It's a short tour. Next week I'm presenting a paper at the Alan Moore conference at the University of Northampton (rumor has it the keynote speaker will be some local writer). Then I'm spending a few days in London, trying to catch up on all the "new" attractions built in the last eleven years--the Tate Modern! The London Eye! Which seems like an obligatory stop for any Morrison fan, fraught with ominous and disturbing associations better left unexpressed. (Think Seaguy, not Batman and Robin.)
If you're in the UK, perhaps I'll see you there. As blog meetups go, it seems like I'm traveling an awfully long way to finally meet Geoff Klock.
I took these photos out in Monterey last summer during the conference of the International Society for the Study of Time--one of the coolest names for any scholarly organization and one of the few places where literature professors can talk shop with physicists.
I took the first two photos on a free day in the middle of the conference, when I biked a couple of miles along the coast to Monterey. As you can see from the later photos the conference met at the Asilomar Conference Grounds, originally a YWCA camp from 1913. The original buildings by Julia Morgan (Hearst's architect) are still in use and the grounds still look like the kind of lodge where my parents, or their parents, would have vacationed, right down to the social hall with board games and table tennis.
It hadn't occurred to me that this reprieve from time's passage would also extend to the grounds' bicycle rental options. They were all giant metal death-machines, also suitable for my parents in their youth, one of which I had to haul up the coast while being passed by irritated Californians on bikes so streamlined, frames so light, tires so narrow and frictionless I believe they actually hovered a few millimeters above the road on cushions of pure machismo. And there I was on this Cold War juggernaut with huge fenders and a big metal basket in front. And a lovely little bell.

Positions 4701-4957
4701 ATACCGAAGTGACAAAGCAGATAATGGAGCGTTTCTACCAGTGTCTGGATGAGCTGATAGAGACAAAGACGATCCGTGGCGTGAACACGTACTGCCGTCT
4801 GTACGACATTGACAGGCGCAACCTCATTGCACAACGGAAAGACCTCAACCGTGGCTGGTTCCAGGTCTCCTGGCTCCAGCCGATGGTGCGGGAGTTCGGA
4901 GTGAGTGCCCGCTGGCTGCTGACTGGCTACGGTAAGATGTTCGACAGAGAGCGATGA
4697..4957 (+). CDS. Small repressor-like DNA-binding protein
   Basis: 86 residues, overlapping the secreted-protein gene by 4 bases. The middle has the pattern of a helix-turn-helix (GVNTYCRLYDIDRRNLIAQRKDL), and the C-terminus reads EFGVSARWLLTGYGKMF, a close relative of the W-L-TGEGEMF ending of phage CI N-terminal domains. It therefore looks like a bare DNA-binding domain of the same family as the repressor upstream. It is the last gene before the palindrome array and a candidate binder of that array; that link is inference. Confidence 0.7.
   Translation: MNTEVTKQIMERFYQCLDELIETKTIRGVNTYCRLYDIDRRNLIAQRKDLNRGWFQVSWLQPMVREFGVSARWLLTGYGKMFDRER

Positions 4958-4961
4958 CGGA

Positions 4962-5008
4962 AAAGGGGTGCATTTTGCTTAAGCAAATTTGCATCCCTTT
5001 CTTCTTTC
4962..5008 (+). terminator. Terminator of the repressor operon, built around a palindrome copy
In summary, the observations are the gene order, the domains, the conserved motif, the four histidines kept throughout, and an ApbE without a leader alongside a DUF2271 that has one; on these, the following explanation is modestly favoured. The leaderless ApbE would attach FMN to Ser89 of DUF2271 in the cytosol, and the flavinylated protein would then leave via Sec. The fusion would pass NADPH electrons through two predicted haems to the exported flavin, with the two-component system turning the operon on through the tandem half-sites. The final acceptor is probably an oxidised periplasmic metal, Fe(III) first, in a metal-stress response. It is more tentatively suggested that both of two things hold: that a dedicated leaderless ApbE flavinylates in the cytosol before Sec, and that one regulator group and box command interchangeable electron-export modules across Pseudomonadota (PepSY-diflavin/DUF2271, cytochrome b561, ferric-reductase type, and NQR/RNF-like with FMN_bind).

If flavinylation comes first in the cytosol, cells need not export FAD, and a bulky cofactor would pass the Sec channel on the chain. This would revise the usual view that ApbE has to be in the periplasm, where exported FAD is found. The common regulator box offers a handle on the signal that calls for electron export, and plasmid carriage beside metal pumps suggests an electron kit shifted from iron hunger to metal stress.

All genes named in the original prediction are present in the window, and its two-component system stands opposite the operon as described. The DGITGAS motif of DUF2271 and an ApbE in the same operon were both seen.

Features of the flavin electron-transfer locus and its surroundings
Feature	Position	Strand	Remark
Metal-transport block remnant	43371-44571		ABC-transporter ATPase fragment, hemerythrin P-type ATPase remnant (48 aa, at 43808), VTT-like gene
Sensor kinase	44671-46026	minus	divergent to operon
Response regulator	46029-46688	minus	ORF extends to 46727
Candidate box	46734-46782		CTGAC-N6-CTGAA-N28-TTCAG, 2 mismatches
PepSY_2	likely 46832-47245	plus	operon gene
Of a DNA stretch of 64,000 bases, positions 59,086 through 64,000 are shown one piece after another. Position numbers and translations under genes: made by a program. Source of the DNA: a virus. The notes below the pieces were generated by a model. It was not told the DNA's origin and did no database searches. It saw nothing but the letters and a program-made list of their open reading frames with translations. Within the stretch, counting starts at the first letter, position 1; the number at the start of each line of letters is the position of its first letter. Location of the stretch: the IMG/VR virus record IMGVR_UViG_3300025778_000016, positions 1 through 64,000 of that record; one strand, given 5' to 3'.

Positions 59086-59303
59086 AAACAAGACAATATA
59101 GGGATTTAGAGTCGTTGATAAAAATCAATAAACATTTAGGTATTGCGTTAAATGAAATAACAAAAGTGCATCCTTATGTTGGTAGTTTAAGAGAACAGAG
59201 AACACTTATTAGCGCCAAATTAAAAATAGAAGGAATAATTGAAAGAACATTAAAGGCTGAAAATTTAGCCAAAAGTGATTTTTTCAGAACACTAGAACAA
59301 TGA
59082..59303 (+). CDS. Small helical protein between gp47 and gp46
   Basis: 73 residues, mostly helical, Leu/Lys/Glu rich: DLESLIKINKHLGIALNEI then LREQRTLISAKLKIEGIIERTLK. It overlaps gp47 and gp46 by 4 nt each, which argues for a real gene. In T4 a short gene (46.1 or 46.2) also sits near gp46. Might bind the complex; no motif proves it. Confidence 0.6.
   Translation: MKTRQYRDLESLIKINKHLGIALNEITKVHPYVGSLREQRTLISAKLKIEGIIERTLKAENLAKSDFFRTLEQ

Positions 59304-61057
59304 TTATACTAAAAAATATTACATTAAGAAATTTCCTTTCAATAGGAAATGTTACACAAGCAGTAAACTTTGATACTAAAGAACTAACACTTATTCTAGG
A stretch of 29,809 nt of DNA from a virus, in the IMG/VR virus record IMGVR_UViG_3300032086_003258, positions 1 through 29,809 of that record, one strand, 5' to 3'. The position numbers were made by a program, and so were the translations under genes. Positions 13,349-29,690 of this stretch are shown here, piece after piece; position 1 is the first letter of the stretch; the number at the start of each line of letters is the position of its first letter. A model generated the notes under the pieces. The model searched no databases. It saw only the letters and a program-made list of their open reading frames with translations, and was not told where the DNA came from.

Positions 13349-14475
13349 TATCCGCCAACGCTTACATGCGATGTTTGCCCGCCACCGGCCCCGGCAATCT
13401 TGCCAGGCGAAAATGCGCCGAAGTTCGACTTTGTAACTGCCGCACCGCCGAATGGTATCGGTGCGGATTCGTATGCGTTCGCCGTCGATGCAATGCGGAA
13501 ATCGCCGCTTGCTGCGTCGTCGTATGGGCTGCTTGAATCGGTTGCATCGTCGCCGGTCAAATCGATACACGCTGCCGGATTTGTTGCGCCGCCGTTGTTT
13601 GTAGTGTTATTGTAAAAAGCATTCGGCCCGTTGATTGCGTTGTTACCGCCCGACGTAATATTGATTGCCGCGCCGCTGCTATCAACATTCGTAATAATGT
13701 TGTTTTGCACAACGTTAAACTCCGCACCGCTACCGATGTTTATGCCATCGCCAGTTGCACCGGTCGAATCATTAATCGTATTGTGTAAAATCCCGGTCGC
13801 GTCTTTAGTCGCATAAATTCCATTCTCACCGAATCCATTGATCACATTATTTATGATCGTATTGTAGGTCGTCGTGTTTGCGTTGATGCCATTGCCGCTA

Still, Asilomar was a perfect setting for a conference about time. My favorite building wasn't any of the Morgan originals but a midcentury addition, a glassed-in "living room" in a rambler that tried to blend with the Arts and Crafts structures but came across as Tiki Modern. Of course its name was "Surf and Sand." A relic of the short American Century when the South Pacific was the last suburb between Palos Verdes and Mars. Even though I know what it was built on and where it led I can't help but feel a curious unearned nostalgia for the culture that fantasized its own endless expansion in California--a culture at a zenith I never got to witness firsthand.